Wearing a sparkly white tank top and pink sneakers, Coy Mathis held the hand of her lawyer this afternoon as he announced to the press that the six-year-old won her civil rights case. The Colorado Civil Rights Division found that Coy's school was wrong to bar the transgender first-grader from using the girls' restroom.
"Coy wants the same dignity, respect and opportunity -- and deserves that -- as every other student," said attorney Michael Silverman. "The State of Colorado has now said that's what she deserves."
Coy's mother, Kathryn Mathis, said the family was ecstatic when they got a text from Silverman saying that the civil rights division had found in favor of Coy. The six-year-old was excited, too. "She jumped up and down and said, 'I get to go back to school and make new friends now,'" Kathryn Mathis said.
But Coy won't be returning to her previous school, Eagleside Elementary in Fountain. She, her parents and her four siblings have moved to the Denver metro area to better address the special medical needs of Coy's sister (and triplet) Lily, who has cerebral palsy. Instead, Coy hopes to enroll in a school in the Cherry Creek School District.
"Schools should not discriminate against their students," Kathryn Mathis said, "and we're very thrilled that Coy is able to return to school and have the same rights that all the other girls have, that she should have had and was afforded by law to begin with."
The Colorado Civil Rights Division ruling (on view below) is the first of its kind in the nation, Silverman said. Coy's family hopes it helps students all over the United States. "There are thousands of families like ours across the country," Kathryn Mathis said, "and none should have to fight for their children to have basic respect."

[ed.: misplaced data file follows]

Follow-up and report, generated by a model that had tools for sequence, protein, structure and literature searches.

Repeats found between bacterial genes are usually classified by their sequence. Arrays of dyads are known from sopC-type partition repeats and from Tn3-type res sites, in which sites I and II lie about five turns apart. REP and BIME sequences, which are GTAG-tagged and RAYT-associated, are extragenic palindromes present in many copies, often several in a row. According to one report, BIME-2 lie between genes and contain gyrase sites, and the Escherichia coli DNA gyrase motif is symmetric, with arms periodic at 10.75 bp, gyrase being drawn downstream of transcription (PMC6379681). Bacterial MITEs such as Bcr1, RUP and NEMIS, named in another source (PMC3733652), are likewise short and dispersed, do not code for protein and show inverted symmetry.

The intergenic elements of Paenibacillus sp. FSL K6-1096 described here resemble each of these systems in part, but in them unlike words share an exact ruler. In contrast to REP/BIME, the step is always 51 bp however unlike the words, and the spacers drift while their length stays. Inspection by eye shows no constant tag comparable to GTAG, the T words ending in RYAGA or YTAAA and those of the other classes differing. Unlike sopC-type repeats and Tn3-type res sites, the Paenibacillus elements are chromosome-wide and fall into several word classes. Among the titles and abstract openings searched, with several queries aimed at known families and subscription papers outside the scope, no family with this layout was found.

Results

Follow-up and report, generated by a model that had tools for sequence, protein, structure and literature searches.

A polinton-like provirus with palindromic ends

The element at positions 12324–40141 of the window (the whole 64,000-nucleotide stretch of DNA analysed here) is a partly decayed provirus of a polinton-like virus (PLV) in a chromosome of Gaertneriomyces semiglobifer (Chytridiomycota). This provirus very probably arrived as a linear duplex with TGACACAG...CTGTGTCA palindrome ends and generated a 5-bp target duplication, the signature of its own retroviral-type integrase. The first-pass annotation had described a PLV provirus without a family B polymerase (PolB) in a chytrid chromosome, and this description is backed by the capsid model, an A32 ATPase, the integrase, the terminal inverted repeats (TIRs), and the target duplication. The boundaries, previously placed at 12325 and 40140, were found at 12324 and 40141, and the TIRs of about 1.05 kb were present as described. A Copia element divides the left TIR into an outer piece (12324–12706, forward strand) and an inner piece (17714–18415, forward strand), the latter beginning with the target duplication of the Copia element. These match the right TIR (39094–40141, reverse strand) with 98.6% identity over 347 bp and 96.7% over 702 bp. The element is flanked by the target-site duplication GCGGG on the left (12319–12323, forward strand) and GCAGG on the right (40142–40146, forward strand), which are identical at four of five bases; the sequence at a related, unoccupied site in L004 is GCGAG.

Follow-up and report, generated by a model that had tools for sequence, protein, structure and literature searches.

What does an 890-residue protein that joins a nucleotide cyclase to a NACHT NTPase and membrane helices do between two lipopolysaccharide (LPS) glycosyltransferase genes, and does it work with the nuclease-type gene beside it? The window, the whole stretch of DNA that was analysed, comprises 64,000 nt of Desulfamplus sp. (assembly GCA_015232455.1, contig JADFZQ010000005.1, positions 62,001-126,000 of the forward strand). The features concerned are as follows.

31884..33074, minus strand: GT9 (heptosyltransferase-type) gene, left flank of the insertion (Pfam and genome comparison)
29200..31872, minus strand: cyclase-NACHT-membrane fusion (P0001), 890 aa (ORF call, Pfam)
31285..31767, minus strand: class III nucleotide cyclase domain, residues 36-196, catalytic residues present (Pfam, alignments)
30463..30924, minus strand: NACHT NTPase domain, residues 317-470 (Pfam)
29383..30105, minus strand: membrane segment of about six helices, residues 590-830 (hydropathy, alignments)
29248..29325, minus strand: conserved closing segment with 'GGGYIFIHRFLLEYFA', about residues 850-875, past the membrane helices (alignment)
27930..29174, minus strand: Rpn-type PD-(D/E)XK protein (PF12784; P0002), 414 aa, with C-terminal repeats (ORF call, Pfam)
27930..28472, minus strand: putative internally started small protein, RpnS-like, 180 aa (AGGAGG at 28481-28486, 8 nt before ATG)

The Fountain-Fort Carson School District, which includes Eagleside Elementary, released a statement about the outcome of the case (also on view below). The district said it was "disappointed" with the ruling and said it considered its compromise of letting Coy use the school's single-user, gender-neutral bathrooms to be "reasonable."
The statement adds that the district is "conferring with legal representation to determine next steps in this process." The district could choose to appeal the decision, which was authored by Steven Chavez, the director of the Colorado Civil Rights Division.
But Silverman said he hopes the district chooses not to fight further. "If they do continue this fight, it's apparent that they're doing it just because they want to pick a fight with the transgender community in Colorado," he said.
For now, the community is thrilled with the decision. "Colorado has shown once again that it completely supports the equal rights of the transgender community," said Krista Whipple, president of the Gender Identity Center of Colorado. "We can now tell our children that they don't have to be afraid of who they are when they go to school."
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